His dream must have seemed so close: the oft overlooked life of Freddie Welsh

Luke G. Williams
23/09/2016 7:16pm

As Anthony Crolla tries to become king of the lightweight division this weekend, Boxing Monthly re-examines the turbulent life and oft overlooked career of Britain’s first lightweight world champion, the great Freddie Welsh.

When the glorious fistic deeds of Britain’s finest boxers are recited and referred to, the name of Freddie Welsh is all too often absent.

Indeed, I have lost count of the number of articles I have read discussing who was or wasn’t the greatest British boxer of all time in which Welsh’s name has not been mentioned once.

For my money, the Pontypridd born stylist deserves far more respect and attention than he has historically received. After all, he was the lightweight champion of the whole world at a time when the status of world champion was far harder to earn than today.

Welsh’s overall record was superb. Although many of his fights were fought in the ‘no decision’ era, which makes his number of genuine wins and losses somewhat difficult to quantify, he only ever officially lost four contests out of 168.*

Even more impressively he was only stopped once in his entire career, a ninth round TKO in 1917 against one of the greatest pound for pound boxers of all time, Benny Leonard, a contest which saw Welsh lose his world title after a near three-year reign.

By the time Leonard stopped him, Welsh was a veteran of more than 150 fights and definitely past his best. Even though the hard-punching ‘Ghetto Wizard’ floored Welsh, though, he couldn’t keep him on the canvas, the Welshman bravely absorbing punishment that would have felled many a lesser man before the referee intervened.

The United Press described the climax to the Welsh-Leonard battle thus:

“[Welsh] arose [from a knockdown], both hands on the ropes, his head unprotected. A dozen times the flailing fists of the eager challenger crashed into Welsh’s chin. Gamely the Britisher stood it. Kid McPartland, the referee, looked appealingly to Welsh’s corner, but the sponge was not forthcoming. McPartland mercifully stepped in and ended it. “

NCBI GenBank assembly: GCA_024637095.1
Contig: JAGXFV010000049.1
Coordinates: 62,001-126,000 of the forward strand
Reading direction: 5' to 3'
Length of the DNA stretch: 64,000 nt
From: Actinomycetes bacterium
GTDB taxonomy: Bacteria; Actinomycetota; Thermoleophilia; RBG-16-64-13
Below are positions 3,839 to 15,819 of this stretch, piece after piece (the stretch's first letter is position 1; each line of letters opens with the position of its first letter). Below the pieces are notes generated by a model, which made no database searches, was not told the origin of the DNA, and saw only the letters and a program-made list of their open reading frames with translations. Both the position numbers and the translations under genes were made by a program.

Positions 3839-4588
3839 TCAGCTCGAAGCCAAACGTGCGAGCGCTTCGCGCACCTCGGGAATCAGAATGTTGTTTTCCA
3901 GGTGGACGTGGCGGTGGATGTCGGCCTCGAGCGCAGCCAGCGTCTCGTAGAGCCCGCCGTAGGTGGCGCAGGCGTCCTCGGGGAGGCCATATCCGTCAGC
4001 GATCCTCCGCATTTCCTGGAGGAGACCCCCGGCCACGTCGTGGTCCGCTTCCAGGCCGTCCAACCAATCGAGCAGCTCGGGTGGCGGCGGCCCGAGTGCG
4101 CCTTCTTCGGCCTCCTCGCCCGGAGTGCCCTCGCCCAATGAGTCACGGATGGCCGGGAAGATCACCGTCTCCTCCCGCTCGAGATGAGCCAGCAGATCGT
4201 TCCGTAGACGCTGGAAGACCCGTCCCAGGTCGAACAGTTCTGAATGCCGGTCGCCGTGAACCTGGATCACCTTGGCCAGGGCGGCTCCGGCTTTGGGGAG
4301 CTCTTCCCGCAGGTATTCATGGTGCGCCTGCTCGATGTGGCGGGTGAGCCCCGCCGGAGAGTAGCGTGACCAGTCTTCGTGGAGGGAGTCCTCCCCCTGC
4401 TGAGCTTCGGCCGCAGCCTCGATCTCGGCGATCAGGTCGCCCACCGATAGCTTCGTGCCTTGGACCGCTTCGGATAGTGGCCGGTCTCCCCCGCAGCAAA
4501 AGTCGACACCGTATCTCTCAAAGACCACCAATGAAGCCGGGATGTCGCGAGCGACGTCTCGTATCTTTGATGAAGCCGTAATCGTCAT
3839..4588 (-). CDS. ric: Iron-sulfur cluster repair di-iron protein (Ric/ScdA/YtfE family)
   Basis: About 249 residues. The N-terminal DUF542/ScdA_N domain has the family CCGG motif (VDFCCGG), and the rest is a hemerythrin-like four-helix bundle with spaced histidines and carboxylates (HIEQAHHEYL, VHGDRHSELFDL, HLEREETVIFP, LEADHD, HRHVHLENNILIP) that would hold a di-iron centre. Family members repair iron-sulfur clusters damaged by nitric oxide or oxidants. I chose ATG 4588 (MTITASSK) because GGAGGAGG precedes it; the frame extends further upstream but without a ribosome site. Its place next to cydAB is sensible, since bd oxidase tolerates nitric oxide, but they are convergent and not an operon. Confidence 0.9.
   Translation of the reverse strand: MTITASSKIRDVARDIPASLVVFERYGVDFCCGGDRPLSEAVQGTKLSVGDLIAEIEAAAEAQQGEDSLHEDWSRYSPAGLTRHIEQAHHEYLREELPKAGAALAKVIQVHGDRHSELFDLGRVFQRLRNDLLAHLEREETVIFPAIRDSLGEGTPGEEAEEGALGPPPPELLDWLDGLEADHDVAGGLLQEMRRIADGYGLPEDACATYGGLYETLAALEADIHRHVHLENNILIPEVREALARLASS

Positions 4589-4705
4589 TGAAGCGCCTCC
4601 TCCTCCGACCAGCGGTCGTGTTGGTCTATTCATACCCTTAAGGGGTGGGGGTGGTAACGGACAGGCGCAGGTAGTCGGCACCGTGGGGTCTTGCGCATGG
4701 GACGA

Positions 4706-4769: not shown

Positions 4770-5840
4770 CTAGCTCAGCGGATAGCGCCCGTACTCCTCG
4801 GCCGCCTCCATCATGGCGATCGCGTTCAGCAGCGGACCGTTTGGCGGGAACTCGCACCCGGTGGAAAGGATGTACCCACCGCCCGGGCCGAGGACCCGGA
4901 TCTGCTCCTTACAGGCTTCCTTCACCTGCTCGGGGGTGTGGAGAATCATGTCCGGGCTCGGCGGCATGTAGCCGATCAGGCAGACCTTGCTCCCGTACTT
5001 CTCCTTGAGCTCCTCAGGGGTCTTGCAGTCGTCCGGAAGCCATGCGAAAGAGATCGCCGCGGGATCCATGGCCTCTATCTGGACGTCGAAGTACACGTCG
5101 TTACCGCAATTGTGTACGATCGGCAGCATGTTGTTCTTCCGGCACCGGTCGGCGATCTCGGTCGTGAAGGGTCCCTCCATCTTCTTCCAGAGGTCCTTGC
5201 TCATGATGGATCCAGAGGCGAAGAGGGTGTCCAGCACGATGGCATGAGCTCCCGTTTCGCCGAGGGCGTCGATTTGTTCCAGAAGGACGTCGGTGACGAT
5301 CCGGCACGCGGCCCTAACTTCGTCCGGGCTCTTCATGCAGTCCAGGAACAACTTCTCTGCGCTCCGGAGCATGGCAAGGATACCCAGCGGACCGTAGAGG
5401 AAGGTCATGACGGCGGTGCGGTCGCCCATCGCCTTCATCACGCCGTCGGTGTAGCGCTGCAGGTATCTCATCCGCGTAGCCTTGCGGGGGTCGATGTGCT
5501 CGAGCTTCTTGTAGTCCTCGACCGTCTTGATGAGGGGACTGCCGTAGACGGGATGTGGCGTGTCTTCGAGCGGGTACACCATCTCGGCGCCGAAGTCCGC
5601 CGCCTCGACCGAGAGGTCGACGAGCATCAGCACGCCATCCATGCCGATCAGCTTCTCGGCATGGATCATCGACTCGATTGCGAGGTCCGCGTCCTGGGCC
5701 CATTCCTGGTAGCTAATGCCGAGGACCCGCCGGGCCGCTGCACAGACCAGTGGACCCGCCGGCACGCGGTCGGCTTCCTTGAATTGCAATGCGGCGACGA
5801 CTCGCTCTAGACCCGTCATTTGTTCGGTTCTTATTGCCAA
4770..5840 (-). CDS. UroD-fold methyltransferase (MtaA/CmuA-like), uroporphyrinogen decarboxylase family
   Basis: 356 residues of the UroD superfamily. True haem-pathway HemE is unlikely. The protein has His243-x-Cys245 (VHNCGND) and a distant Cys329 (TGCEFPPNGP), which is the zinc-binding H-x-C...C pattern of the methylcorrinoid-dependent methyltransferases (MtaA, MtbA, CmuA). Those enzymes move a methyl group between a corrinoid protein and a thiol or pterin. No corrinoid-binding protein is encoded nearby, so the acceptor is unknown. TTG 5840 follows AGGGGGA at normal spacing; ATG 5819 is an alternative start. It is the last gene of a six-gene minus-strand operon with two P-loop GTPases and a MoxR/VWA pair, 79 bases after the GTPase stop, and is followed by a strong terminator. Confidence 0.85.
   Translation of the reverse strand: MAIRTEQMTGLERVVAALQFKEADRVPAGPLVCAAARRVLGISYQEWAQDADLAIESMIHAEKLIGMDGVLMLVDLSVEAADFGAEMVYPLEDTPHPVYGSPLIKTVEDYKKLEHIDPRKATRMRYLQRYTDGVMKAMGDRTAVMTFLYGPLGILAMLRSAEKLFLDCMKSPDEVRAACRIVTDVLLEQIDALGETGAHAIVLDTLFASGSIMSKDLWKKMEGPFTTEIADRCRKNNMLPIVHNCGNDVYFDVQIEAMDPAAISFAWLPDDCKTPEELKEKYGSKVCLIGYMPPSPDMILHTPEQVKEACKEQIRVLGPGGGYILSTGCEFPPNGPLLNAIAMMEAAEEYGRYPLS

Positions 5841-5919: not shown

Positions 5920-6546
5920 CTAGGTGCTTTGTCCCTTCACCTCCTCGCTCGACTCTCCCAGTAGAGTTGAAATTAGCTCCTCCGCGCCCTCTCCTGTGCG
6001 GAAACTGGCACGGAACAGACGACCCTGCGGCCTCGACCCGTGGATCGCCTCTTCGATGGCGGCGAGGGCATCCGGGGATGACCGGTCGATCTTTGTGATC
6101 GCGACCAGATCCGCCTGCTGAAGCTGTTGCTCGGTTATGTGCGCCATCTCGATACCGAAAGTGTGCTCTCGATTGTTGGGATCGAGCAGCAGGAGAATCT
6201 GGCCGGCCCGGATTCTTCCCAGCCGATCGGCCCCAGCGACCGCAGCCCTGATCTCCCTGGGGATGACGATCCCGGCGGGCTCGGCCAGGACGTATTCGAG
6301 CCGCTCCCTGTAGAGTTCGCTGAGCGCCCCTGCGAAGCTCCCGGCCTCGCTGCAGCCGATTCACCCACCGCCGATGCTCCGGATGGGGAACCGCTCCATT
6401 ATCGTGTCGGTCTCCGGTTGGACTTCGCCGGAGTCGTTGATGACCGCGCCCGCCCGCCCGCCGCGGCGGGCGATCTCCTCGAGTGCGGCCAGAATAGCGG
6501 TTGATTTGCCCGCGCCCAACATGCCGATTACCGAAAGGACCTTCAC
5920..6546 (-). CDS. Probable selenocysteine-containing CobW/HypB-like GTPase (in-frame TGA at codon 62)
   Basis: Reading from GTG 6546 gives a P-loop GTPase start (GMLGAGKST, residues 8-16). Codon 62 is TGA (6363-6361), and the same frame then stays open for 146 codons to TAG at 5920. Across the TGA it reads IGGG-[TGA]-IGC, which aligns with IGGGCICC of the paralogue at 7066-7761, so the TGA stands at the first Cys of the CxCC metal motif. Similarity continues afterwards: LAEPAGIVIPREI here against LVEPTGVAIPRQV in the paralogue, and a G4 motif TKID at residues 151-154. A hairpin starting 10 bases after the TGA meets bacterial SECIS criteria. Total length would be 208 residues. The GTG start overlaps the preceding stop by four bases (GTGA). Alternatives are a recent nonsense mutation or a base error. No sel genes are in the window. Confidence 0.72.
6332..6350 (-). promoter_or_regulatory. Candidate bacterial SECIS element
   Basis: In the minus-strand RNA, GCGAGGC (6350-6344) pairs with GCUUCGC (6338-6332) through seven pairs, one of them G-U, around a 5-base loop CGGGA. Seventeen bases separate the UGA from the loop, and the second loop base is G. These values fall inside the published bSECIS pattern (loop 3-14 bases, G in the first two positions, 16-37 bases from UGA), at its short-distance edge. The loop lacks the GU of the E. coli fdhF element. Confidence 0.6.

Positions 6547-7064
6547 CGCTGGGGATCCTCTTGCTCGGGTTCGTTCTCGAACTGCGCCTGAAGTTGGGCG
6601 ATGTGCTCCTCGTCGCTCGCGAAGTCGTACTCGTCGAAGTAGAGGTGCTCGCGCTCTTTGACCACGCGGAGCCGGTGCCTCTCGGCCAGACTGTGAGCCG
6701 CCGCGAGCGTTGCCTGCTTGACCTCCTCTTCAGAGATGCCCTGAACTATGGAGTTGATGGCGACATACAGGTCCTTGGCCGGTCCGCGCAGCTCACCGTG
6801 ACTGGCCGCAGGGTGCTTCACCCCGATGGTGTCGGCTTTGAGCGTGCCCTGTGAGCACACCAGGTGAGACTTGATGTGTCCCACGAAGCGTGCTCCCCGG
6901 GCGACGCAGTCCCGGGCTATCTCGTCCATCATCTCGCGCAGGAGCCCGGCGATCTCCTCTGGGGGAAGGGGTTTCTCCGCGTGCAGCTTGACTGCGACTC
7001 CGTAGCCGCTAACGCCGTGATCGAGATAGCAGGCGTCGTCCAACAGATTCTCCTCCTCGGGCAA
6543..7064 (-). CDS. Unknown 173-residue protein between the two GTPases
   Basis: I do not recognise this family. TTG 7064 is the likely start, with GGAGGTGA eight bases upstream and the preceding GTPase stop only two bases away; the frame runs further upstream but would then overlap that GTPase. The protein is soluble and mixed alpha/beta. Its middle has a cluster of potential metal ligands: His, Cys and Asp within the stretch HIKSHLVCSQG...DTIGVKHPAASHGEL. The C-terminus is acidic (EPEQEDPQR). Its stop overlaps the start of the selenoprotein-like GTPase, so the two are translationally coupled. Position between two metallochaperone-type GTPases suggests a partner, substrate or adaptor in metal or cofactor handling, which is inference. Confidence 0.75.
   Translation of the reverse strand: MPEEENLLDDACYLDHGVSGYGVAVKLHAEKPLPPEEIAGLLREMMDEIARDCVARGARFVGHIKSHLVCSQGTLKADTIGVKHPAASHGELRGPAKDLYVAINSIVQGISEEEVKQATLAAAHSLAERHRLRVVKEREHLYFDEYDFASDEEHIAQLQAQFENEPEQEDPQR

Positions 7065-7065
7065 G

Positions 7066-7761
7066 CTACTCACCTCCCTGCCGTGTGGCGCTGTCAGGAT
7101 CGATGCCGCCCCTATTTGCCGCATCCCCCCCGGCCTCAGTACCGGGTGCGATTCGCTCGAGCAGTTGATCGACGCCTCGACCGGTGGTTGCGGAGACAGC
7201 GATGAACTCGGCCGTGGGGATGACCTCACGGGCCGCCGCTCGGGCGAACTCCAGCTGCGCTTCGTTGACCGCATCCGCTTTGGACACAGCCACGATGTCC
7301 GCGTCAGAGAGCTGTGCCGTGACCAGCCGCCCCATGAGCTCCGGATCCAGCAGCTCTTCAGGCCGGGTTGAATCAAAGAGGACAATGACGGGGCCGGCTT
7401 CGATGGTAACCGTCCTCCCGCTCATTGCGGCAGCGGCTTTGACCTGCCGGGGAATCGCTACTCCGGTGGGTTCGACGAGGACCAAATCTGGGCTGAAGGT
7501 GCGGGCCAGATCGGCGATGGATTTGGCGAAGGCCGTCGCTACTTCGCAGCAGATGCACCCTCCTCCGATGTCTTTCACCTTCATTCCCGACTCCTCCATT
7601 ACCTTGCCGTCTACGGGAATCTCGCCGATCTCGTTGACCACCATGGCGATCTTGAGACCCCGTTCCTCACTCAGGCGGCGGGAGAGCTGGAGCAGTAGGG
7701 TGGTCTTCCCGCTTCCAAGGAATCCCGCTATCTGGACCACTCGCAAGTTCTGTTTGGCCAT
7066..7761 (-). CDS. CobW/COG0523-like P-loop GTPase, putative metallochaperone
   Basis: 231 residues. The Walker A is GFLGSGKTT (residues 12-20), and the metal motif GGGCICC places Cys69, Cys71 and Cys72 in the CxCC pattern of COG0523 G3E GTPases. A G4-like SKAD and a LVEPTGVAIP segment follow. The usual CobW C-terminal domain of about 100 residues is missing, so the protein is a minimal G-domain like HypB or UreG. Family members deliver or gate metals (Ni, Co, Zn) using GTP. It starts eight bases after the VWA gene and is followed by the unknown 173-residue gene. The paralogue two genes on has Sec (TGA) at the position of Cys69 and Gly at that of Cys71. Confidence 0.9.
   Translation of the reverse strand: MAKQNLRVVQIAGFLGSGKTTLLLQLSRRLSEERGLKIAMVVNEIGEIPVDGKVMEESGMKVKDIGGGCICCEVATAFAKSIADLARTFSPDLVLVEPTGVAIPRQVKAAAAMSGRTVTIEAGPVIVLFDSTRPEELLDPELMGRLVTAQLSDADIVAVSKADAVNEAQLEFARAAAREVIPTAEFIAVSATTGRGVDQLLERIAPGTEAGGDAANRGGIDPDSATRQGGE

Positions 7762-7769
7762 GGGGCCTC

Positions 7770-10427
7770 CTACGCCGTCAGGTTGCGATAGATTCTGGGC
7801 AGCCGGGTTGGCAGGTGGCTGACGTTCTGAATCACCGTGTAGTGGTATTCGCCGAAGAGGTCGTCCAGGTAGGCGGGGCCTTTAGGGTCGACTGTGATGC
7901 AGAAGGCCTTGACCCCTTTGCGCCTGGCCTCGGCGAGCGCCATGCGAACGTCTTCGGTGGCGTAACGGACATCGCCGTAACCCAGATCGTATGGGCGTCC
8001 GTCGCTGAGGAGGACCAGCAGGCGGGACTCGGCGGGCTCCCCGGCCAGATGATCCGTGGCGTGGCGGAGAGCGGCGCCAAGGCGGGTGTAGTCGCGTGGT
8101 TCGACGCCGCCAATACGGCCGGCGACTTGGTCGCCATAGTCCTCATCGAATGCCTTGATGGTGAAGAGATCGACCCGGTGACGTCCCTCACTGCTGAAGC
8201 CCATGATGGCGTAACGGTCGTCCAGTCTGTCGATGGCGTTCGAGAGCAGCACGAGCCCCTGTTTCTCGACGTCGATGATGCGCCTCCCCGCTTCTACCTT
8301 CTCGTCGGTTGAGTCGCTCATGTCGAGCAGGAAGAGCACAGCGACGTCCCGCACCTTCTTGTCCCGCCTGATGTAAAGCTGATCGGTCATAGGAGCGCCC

After the fight Welsh showed his innate competitive spirit and fierce fighting pride by arguing that the referee should not have stopped the contest. “There never was a championship decided without a man getting a count,” he protested.

Prior to this bout, Welsh had fought Leonard twice already in no decision contests – with most observers agreeing that each man won one apiece. Going 1-2 with Benny Leonard is no mean feat.

Welsh was also able to boast among his opponents great names such as Jim Driscoll, Willie Ritchie, Ad Wolgast, Abe Attell, Packey McFarland, Johnny Dundee and Battling Nelson, the majority of whom he bested at one point or another. It’s hard to think of many other British boxers who fought such a consistently tough level of opposition.

As well as his considerable pugilistic achievements, the Welsh Wizard’s life story is also among the most colourful and unconventional in British boxing history, albeit with a side helping of tragedy and despair.

Born Frederick Hall Thomas in 1886, Welsh’s background was, unusually, far more ‘middle-class’ than that of many of his pugilistic contemporaries; his father was an auctioneer and he was educated at a grammar and then a fee-paying school.

Welsh was also unconventional in several other respects; for example, he was widely mocked for being a proponent of Bernarr Macfadden’s theories of ‘physical culture’, which emphasised fasting, vegetarianism and other nutritional approaches which were seen then as somewhat wacky.